As most of us sit on our couch NFL Sunday escaping from thoughts of going back to work on Monday, you can’t help but notice the parody of the football team vs. work team. What DOES makes a strong team?
With unfunnel I have been deconstructing issues and flipping things upside down to find a solution. And here I find it works again. It is not about what makes a strong team, it is all about knowing what makes a weak one. Here are some of the obvious.
- The weak link
- Lack of confidence
- Afraid to go big
- No quarterback protection
- Bad publicity disasters
So how does this play out in the workplace? How can you make sure you have these gaps filled on your roster?
When you look at your team and roles, traditional models make the assumption that you are going to hire the best people and retain and train those people over time.
That is not a reality anymore.
The workplace is volatile and there is no loyalty. Not because people don’t want to be loyal, but when you are screwed a few too many times, you start looking out for #1 first (Even if you are logically screwed, meaning they made a logical business decision to cut you out of what you deserve). In your job, if you work hard, exceed goals and are a good team player – that doesn’t equate to a promotion OR professional growth. It’s just the way it is. You were trained and your experience is in that one company – so ANYONE outside the company coming in is going to have more perceived value than you and at a certain point you top out on knowledge.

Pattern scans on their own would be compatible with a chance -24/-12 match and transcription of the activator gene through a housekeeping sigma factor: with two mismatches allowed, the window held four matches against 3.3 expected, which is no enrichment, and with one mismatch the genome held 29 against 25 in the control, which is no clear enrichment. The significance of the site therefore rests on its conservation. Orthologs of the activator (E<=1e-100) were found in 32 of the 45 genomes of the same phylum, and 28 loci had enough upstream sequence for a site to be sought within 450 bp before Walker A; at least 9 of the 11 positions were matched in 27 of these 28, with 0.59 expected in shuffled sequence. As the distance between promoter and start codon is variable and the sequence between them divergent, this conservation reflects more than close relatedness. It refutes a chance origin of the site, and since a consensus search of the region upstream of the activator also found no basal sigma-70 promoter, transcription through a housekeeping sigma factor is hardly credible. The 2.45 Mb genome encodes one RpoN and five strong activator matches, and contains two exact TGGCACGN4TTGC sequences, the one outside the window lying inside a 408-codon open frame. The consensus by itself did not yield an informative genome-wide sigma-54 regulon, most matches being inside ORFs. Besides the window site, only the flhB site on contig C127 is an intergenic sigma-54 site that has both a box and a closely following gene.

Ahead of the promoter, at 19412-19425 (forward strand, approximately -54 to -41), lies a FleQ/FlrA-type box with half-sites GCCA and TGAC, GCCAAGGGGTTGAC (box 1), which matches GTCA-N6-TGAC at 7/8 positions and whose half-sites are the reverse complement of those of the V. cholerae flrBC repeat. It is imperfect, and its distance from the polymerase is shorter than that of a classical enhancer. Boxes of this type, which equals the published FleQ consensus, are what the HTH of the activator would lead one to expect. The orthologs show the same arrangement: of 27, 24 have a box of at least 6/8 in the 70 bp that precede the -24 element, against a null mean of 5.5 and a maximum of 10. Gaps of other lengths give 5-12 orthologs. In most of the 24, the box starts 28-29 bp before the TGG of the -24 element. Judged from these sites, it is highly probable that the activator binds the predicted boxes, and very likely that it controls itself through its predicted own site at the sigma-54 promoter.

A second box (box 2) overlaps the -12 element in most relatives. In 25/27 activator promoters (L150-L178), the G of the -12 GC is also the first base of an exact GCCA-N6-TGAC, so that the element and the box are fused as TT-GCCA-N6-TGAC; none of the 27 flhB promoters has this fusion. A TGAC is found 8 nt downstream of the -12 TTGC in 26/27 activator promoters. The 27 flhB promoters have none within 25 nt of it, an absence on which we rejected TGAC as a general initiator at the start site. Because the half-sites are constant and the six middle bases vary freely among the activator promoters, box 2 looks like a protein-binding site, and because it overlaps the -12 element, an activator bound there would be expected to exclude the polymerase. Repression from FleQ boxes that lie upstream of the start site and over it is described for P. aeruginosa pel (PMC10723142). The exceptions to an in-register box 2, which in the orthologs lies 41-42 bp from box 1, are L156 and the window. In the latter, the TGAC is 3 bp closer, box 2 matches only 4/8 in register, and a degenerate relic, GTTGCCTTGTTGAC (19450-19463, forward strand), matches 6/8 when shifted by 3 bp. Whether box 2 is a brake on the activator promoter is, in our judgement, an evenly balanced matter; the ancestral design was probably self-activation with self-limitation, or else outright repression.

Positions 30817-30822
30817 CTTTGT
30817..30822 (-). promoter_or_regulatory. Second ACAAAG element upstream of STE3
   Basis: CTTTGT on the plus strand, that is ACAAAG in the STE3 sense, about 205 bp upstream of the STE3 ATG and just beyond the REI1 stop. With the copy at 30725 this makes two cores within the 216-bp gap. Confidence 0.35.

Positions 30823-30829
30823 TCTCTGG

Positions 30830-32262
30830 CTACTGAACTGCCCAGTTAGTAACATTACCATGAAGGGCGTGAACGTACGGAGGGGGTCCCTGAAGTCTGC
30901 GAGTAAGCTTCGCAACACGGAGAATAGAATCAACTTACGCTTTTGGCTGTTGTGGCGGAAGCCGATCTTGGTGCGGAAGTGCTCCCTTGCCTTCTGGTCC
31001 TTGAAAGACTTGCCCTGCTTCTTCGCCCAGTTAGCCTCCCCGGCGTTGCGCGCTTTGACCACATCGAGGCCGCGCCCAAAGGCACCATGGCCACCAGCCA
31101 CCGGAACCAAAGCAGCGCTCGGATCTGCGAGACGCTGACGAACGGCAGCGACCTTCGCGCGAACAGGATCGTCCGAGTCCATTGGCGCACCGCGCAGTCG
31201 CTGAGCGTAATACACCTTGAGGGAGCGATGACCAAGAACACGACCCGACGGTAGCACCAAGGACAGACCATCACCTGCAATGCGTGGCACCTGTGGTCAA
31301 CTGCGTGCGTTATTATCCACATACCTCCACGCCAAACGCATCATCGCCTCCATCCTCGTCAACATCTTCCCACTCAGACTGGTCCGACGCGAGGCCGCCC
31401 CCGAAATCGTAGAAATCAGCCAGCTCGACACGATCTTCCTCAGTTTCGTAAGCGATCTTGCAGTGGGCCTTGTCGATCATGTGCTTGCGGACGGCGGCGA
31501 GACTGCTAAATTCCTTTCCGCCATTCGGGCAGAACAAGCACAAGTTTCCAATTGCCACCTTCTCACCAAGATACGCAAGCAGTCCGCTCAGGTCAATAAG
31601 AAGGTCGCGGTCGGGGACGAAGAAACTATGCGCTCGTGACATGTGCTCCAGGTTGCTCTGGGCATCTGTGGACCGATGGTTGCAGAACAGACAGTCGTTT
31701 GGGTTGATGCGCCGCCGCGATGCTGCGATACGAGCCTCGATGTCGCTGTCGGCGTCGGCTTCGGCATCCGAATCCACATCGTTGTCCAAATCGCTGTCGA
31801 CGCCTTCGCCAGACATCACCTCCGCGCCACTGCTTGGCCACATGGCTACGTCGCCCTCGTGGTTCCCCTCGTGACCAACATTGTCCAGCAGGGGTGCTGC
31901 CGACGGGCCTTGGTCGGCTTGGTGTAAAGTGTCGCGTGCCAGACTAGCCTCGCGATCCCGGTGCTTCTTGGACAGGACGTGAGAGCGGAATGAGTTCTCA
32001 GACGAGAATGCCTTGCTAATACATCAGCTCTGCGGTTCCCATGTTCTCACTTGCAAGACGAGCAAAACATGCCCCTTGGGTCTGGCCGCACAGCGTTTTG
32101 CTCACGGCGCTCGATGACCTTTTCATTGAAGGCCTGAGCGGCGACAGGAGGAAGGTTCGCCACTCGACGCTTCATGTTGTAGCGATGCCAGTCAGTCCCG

SAD FACT #1: People in a sense have become FORCED to leave their current job because of professional growth. It seems silly and against everything the “boomer” generation knew, but for businesses to stay competitive… they need new blood. There are talented extraordinary people looking for new jobs everyday, not the losers that we seemed to previously associate with job hunters. This new generation is hungry for new experiences and leadership to teach them (so they can run their own company someday).
According to Career Builder and Forbes, in 2013 60% of Millennials are checking out in three years or less and it takes between $15,000 and $25,000 to replace each lost Millennial employee.
So should you not care and investing in people? No, but you do need to always be thinking of a backup plan. Your Plan B, the people on your bench.
Just like in football, no matter the best intentions, talent or unprecedented drive, people get hurt and the other team could just be better on that day. You need to be prepared.
So what can you do about it? What does the NFL teach us about building agile marketing teams?
The Weak Link
SAD FACT #2: The interview process is always going to be flawed in the fact that your REALLY don’t know that person or their strengths and weaknesses UNTIL they are hired. So inevitably, you are going to hire a weak link. Just one person not working in their “sweet spot” could bring down the whole team. And too many business leaders feel bad about firing this person so they keep covering for their inadequacies, blaming themselves and moving them around trying to find the “right fit.” When you really think about it, this person is probably feeling unproductive and a failure in their job, so be honest and transparent and this person might just leave on their own accord. If not, get them out of a role that is impacting performance and move on. Make sure you have a Plan B.